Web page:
Tiangong-1, the Chinese space station is currently falling to Earth. At the moment of its disintegration into the atmosphere, it could look like a meteor shower.
The Chinese space station, which is currently falling towards Earth, is progressing slower than initially expected, and could enter the Earth’s atmosphere only on Monday 2nd April, the European Space Agency (ESA) said Saturday.
La nouvelle fenêtre d’estimation pour la rentrée de #Tiangong1 par les experts Débris spatiaux de l’ESA est centrée sur 1h25 CEST le 2 avril, et s’étire de l’après-midi du 1er avril au petit matin du 2 avril. Tout cela reste très variable. https://t.co/n2aZFPBTvm pic.twitter.com/OPmBf3B2KA
— ESA France (@ESA_fr) 31 March 2018
The agency, which oversees the movement of Tiangong-1 (“Heavenly Palace 1”) had previously raised a window between Saturday 14h and Sunday afternoon.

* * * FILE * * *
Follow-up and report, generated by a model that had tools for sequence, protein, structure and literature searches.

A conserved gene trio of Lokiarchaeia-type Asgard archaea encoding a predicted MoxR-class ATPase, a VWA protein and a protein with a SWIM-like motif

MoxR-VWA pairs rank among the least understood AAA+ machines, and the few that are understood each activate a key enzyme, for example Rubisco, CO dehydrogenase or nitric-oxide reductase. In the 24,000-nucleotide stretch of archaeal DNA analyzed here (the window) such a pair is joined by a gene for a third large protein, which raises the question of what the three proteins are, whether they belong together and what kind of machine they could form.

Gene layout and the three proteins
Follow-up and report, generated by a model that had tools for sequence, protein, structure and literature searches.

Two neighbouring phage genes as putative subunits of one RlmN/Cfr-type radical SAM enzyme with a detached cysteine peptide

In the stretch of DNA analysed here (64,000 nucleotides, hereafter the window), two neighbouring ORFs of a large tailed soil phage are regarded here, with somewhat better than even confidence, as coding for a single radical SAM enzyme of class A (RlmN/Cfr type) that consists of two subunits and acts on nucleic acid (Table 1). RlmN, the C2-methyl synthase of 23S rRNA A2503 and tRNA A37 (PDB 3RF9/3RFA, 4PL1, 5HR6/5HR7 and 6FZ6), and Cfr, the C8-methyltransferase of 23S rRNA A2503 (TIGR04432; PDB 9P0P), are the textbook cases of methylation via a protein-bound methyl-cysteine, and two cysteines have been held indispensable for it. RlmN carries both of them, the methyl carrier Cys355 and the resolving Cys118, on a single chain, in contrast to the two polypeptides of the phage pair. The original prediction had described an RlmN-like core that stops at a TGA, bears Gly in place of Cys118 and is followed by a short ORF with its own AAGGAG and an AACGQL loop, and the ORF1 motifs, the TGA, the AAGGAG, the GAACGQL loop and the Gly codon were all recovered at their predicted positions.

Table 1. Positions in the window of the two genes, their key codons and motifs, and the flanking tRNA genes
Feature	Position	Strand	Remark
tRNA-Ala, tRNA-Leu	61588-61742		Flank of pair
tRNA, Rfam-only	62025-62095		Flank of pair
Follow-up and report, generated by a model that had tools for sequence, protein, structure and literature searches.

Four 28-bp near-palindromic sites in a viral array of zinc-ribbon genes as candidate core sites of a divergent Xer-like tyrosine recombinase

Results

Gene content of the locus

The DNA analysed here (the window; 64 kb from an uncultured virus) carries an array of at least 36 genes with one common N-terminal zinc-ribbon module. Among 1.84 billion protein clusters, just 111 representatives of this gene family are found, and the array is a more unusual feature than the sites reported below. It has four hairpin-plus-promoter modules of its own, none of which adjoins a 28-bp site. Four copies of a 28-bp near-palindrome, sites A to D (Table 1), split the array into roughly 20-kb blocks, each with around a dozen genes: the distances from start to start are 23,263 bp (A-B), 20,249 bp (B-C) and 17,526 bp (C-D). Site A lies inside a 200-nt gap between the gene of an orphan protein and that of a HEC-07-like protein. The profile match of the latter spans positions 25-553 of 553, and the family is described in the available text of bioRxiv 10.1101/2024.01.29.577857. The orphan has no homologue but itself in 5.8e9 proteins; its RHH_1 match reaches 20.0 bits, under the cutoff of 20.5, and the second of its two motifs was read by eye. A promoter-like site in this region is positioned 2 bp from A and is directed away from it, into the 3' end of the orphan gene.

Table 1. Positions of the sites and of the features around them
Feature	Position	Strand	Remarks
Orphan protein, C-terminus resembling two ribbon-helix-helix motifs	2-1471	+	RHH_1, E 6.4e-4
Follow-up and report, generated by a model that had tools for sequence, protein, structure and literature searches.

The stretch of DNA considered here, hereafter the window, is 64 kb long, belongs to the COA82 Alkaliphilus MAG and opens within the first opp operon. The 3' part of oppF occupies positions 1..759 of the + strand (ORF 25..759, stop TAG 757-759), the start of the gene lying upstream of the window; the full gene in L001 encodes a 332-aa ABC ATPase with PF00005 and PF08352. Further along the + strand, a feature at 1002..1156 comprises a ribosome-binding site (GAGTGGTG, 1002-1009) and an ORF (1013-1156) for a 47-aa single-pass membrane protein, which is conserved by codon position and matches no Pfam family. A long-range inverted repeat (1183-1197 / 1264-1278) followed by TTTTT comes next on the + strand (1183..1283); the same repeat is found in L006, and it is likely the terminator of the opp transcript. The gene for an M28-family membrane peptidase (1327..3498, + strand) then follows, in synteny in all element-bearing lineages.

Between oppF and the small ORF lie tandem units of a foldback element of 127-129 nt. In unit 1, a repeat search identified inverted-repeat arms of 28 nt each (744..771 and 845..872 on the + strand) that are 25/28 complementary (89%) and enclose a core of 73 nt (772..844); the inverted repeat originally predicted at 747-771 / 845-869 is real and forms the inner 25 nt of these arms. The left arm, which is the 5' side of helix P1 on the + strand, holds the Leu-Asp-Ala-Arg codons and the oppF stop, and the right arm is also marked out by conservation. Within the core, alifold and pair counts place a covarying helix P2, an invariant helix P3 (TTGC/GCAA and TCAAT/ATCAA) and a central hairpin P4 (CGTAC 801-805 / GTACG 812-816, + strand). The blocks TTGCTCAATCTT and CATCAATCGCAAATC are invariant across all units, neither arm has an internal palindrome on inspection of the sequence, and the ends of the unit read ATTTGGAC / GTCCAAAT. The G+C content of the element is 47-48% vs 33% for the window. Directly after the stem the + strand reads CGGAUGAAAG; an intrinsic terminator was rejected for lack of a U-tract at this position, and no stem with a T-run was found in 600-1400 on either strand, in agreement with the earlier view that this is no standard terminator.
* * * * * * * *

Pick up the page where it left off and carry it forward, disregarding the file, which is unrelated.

The space module is not expected to cause damage to the Earth and will even provide a “splendid” show , like a meteor shower , when it disintegrates and burns in the atmosphere , the Chinese space authorities assured.
Where will she fall?
In a statement released Saturday, ESA gives a new window between Sunday afternoon and Monday morning GMT.
The agency explains the slowdown of the fall of Tiangong-1 by a now calmer space weather.
A stream of solar particles should have increased the density in the upper atmosphere and precipitated the plunge of the station. But it did not have the intended effect, according to the European Space Agency.
The window of re-entry into the Earth’s atmosphere, however, remains “highly variable,” ESA said. Uncertainty also remains as to where debris may fall.
“People have no reason to worry,” the CMSEO, the Chinese office responsible for the design of manned spaceflight, said this week.
“This kind of spatial module does not crash on Earth violently as in science fiction movies.”
The Tiangong-1 laboratory was placed in orbit in September 2011. It had to make a controlled return to the earth’s atmosphere, but stopped working in March 2016, raising concerns about its “fall”.
The risk for a human being to be hit by space debris of more than 200 grams is however one in 700 million, according to the CMSEO.